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Language decision crisis

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First of all I want to say hi, I'm new in the forum. I do game development only as an hobby beside school, but started with programming in the 5th grade and now I have a pretty large set of languages learned.

 

After working with C++ for a while I begun to hate it. C++ is such a flawed language. For example the whole header/source seperation makes code hard to write and to read. Also const correctness is very annoying(I understood why I should do this, but writing const after every second thing makes me cry). These are only two critics on C++ I have more. The problem is not that I don't understand C++, I used C++ extensively, I learned modern C++ with it's bells and whistles but from my view C++ carries a too heavy legacy.

 

So after this I fall into what I call language decision crisis. Then I tried several languages, Go which looked nice at the first glance, but Go is a baby toy compared to C++(no ternary, no custom iterators...).

 

Then I tried D, Nim and Rust. All of them are nice languages but they share a common weakness: they have very bad editor support(only very bad autocompletion). I also tried Kotlin which is a very nice language(with very good editor support, IntellJ!), but it's based on the JVM which is a no go for me.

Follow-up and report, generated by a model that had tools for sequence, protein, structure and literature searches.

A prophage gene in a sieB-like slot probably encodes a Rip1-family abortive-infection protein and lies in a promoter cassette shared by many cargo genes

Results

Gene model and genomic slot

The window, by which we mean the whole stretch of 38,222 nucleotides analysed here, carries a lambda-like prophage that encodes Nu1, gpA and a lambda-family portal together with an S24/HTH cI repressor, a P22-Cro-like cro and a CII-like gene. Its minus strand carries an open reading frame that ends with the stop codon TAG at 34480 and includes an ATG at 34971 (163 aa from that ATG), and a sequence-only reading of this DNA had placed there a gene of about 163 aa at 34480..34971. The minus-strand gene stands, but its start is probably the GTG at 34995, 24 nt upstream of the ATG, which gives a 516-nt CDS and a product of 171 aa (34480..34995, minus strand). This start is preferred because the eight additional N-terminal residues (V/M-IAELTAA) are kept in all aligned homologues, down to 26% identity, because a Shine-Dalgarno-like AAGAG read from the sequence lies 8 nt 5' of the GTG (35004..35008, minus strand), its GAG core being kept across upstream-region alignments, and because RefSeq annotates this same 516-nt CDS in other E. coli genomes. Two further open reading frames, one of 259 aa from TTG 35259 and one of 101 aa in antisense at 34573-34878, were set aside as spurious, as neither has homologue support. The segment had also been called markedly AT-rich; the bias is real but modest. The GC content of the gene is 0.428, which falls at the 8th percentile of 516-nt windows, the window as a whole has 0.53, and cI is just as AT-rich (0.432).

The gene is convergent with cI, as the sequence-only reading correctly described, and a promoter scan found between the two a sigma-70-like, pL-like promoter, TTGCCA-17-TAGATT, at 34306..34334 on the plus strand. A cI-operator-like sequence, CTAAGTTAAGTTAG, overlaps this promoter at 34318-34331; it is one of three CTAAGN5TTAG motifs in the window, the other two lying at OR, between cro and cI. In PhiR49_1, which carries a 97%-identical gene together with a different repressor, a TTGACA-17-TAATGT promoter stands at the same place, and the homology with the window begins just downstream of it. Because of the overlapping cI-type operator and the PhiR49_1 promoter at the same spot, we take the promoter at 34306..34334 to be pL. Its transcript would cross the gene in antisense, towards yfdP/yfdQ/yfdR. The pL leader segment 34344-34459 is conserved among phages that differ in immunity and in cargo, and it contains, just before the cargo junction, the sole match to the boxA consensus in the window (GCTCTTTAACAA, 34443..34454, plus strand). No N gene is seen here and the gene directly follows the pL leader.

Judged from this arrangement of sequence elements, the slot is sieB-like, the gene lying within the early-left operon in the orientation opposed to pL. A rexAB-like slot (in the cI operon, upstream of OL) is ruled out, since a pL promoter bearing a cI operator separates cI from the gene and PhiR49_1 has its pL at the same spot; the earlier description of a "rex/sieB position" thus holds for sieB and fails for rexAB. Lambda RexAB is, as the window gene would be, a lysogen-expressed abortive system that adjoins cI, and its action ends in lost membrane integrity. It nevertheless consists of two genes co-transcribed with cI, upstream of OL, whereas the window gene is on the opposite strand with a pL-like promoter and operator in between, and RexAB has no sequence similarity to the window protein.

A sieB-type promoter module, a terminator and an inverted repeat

I end up using Haxe, which has better editor support than the other(it works more or less), but the engine I wanted to use(Luxe) of course doesn't work with the latest version(because of some bugs), but the VSCode plugin requires the new version.

 

So what do you recommend me to do(Yes I know, I shouldn't post these vs threads, but I really need advice). I'm a little bit too picky, I know.

 

Oh and C# isn't an option, I have two Mac using, Mono hating friends who already annoy me because I'm using Windows.

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What do you want to program? Typically, some languages are good for one type of programs and very bad for others. As such, it's a bad idea to first pick a language, and then decide what you want to do with it.

This holds as much for C++ as it does for other languages, of course.

 

C++ is big, and no doubt ugly at some places. Parts are due to legacy, and other parts are costs that you pay for getting speed. However, C++ is a lot about freedom. While there is a recommended way of doing things, it's not obligatory in many cases. The header files are somewhat unavoidable currently, but nobody said you have to write code in the header file. If you don't do that, the code file becomes the main file, and the header file becomes sort of a summary that you have to keep consistent, but not actually use (much).

Similarly, const is useful, but it's not mandatory. It may cost you some performance, but maybe you can find a workable way, if you continue working in C++.